The rest of the Top 10 remained unchanged—Japan's Sumitomo Rubber Industries Ltd. retained the No. 5 spot it gained a year ago, staying ahead of Pirelli & C. S.p.A., Hankook Tire Co. Ltd. and Yokohama Rubber Co. Ltd.—except for China's Zhongce Rubber Group Co. Ltd. slipping ahead of Taiwan's Cheng Shin Rubber/Maxxis International into ninth on the strength of its own 10 percent sales growth and a slight drop in sales by Maxxis.
Michelin's takeover of Cikarang, Indonesia-based Multistrada, which goes to market with the Achilles and Corsa brands, provides the French tire maker with more than 180,000 metric tons of annual production capacity and strengthens its presence in the fast-growing Indonesian/Asian market.
Multistrada is ranked No. 57 on this year's Global Top 75 with fiscal 2018 sales of $318.5 million. The deal includes a 20 percent stake in the Indonesian retailer P.T. Penta Artha Impressi and 123 acres of available land, according to Michelin.
For the annual Top 75 ranking, Rubber & Plastics News rates tire makers on revenue from the sale of tires they have manufactured in order to achieve a more equitable "apples to apples" comparison. Excluded are items such as third-party sales of steel cord, synthetic rubber or carbon black, as well as estimates for non-tire items such as auto-service-related revenue at company-owned retail stores.
Bridgestone, Michelin, Goodyear and Continental, for example, report hundreds of millions or even billions of dollars in revenue from their respective captive retail networks, which generate measurable shares of their revenue from automotive-service-related activities and sales of tire brands other than their own.
In addition, Bridgestone, Michelin and Goodyear derive a measurable amount of revenue from the sale of synthetic rubber and other raw or semi-processed materials to third parties.
Bridgestone's position at the top of the ranking is solidified by minority ownership stakes it holds in two other Top 75 companies—a 43.6 percent stake in Turkey's BRISA/Bridgestone-Sabanci Tire Mfg. (No. 40 with 2018 sales of $610.8 million) and a 14.6 percent stake in Finland's Nokian Tyres P.L.C. (No. 21 with $1.72 billion in tire manufacturing-related sales).
Further down the list, Japan's Toyo Tire Corp. moved up one spot to 11th ahead of Giti Tire Pte. Ltd. on the strength of 4.4 percent sales growth. Giti also moved up a spot, to 12th, ahead of Cooper Tire & Rubber Co. whose sales slipped 1.6 percent from 2017. Cooper's sales have declined five years running.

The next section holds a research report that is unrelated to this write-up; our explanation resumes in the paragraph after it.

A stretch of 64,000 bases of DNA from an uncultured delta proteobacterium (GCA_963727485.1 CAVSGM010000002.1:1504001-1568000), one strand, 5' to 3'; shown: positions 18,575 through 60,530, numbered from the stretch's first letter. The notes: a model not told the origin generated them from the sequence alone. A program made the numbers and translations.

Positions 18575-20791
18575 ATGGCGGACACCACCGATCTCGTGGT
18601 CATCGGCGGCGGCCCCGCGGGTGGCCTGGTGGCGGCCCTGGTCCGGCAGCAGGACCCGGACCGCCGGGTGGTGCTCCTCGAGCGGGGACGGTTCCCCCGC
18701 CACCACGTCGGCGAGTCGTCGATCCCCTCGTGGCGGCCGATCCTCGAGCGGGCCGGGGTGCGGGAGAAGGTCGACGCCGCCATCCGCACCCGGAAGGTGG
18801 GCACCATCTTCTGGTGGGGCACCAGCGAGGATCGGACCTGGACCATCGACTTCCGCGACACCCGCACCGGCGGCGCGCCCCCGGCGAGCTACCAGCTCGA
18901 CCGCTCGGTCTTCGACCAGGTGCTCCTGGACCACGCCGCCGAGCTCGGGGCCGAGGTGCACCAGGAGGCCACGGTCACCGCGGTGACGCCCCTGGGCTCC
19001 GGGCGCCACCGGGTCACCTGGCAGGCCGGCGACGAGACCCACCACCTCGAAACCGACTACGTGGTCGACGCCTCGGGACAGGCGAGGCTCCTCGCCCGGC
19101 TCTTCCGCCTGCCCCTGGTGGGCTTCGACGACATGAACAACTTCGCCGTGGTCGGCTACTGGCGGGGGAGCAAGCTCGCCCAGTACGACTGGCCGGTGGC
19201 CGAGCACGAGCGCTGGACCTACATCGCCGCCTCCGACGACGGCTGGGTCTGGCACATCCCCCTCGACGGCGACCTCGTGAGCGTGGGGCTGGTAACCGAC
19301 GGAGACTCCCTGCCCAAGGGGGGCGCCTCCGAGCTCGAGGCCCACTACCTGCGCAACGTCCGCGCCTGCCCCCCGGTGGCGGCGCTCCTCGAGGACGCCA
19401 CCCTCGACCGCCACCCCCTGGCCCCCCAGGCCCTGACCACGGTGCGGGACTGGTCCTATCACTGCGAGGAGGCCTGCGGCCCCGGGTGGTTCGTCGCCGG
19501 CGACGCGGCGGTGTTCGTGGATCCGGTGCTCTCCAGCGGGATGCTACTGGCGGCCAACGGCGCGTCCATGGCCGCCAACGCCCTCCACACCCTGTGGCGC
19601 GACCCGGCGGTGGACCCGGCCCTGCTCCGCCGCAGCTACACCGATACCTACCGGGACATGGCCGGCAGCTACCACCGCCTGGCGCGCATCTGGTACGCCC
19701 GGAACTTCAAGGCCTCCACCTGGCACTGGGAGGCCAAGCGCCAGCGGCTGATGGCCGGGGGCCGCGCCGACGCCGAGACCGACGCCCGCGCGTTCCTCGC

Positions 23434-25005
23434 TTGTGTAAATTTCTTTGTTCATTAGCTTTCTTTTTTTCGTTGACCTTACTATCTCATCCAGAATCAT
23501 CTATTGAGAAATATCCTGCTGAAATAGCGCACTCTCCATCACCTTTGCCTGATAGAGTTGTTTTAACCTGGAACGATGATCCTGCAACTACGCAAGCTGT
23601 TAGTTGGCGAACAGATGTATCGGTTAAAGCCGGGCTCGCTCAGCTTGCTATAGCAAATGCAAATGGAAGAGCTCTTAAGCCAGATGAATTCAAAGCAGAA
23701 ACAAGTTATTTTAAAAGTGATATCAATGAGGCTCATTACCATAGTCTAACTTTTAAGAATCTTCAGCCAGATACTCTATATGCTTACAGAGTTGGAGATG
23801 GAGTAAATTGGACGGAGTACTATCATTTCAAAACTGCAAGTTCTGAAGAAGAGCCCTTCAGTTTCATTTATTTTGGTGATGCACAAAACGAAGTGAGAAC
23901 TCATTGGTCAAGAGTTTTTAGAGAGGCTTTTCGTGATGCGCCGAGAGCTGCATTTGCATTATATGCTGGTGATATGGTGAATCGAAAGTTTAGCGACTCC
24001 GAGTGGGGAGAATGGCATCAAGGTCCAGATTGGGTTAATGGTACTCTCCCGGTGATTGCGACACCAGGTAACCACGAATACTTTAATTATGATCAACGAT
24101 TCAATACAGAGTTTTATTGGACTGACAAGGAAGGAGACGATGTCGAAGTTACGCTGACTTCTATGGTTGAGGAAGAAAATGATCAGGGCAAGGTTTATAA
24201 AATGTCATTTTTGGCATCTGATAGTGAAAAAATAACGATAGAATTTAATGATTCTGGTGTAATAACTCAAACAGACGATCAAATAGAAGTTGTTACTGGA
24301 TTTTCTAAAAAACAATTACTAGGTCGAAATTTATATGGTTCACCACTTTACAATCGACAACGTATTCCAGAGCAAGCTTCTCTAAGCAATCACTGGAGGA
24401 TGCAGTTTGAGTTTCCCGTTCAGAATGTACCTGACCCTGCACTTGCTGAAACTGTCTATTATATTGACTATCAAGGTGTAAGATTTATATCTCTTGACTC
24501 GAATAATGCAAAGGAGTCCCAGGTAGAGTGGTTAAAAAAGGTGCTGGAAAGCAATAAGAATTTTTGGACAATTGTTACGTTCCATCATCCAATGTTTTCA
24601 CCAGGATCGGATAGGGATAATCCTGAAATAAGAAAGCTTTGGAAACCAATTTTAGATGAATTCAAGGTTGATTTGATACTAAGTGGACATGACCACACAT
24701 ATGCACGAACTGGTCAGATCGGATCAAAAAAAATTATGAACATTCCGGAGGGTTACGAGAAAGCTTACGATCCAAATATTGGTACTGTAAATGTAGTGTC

New to the rankings this year are:
• Shandong Huasheng Rubber Co. Ltd.—purveyor of the Huasheng, Kapsen, Taitong and Terraking brands—at No. 42 with sales of $586.1 million.
• Ozka Lastik ve Kaucuk Sanayi Ticaret A.S., the Kocaeli, Turkey-based tire maker—debuting at No. 71 with fiscal 2018 sales of $119 million, which the company projects to grow significantly in the next two years;
• Magna Tyres Group, the Waalwijk, Netherlands-based off-the-road tire company that opened its first corporate-owned manufacturing unit last year—at No. 72 with estimated sales of $105 million.
• Service Industries Ltd., a Lahore, Pakistan-based company active in the two- and three-wheeler market—at No. 74 with sales of $103.8 million.
• Hwa Fong Rubber (Thailand) Public Co. Ltd., the publicly traded Samutprakarn, Thailand-based subsidiary of Taiwan's Hwa Fong Rubber Co.—at No. 75 with sales of $81.3 million.
Additionally, Thailand's Vee Rubber Corp. re-appears at No. 70 based on estimated fiscal 2017 sales of $145 million.
Inoue Rubber (Thailand) Co. Ltd., the publicly traded Bangkok-based affiliate of Japan's Inoue Rubber Co., just missed the cut with sales of $79.2 million.
Twenty-nine of the companies in the top 75 are from China, including four among the Top 20—Zhongce Rubber Group Co. Ltd. (No. 9); Linglong Group Co. Ltd. (No. 17); Sailun Jinyu Tyre Co. Ltd. (No. 18); and Shandong Hengfeng Tyre Co. Ltd. (No. 19).
Other countries represented in the ranking are: India (seven companies); Taiwan and the U.S. (five each); Japan (four); Italy, South Korea and Thailand (three each); Pakistan, Russia, Turkey and Vietnam (two each); and one each based in Argentina, Belarus, Finland, France, Germany, Indonesia, Netherlands and Singapore.
Seven of the 25 publicly traded companies outlined in this report suffered tire business sales declines in 2018 versus 2017, while five companies or tire divisions recorded double-digit growth, led by Turkey's Petlas Tyre Industry & Trade (34 percent) and Brisa/Bridgestone (30.7 percent) and India's JK Tyre & Industries Ltd. (22.9 percent).
Overall, the estimated value of the world tire industry's sales was $168.6 billion, up 1.8 percent over 2017.
Collectively, the top 10 tire companies accounted for slightly more than 63 percent of the world's tire sales last year, based on Rubber & Plastics News' numbers—up 1 percentage point from the 2017 ranking.
The average operating earnings ratio among the 24 publicly traded companies monitored for this report was 9.9 percent, down a half point from the 10.3 percent recorded in 2017 and the second straight year of decline.
Half of the 24 companies reported lower operating income in 2018 versus 2017 with none in the red.
Finland's Nokian Tyres and India's Balkrishna Industries Ltd. were the most profitable, percentage-wise, with 23.3 percent and 22.6 percent operating ratios, respectively.
The average net income ratio for the group of 24 was 6.4 percent, a slight improvement over 2017. All of the companies reported higher net income last year versus 2017.
The average sales per employee for the 24 publicly traded companies that provided employment data was $211,661, up nearly 4 percent over 2017.
Nokian had the highest sales per employee at $398,729, ahead of Toyo Tire Corp. at $311,381; Cooper Tire at $304,996; Hankook Tire at $274,295; and Nexen Tire at $271,087.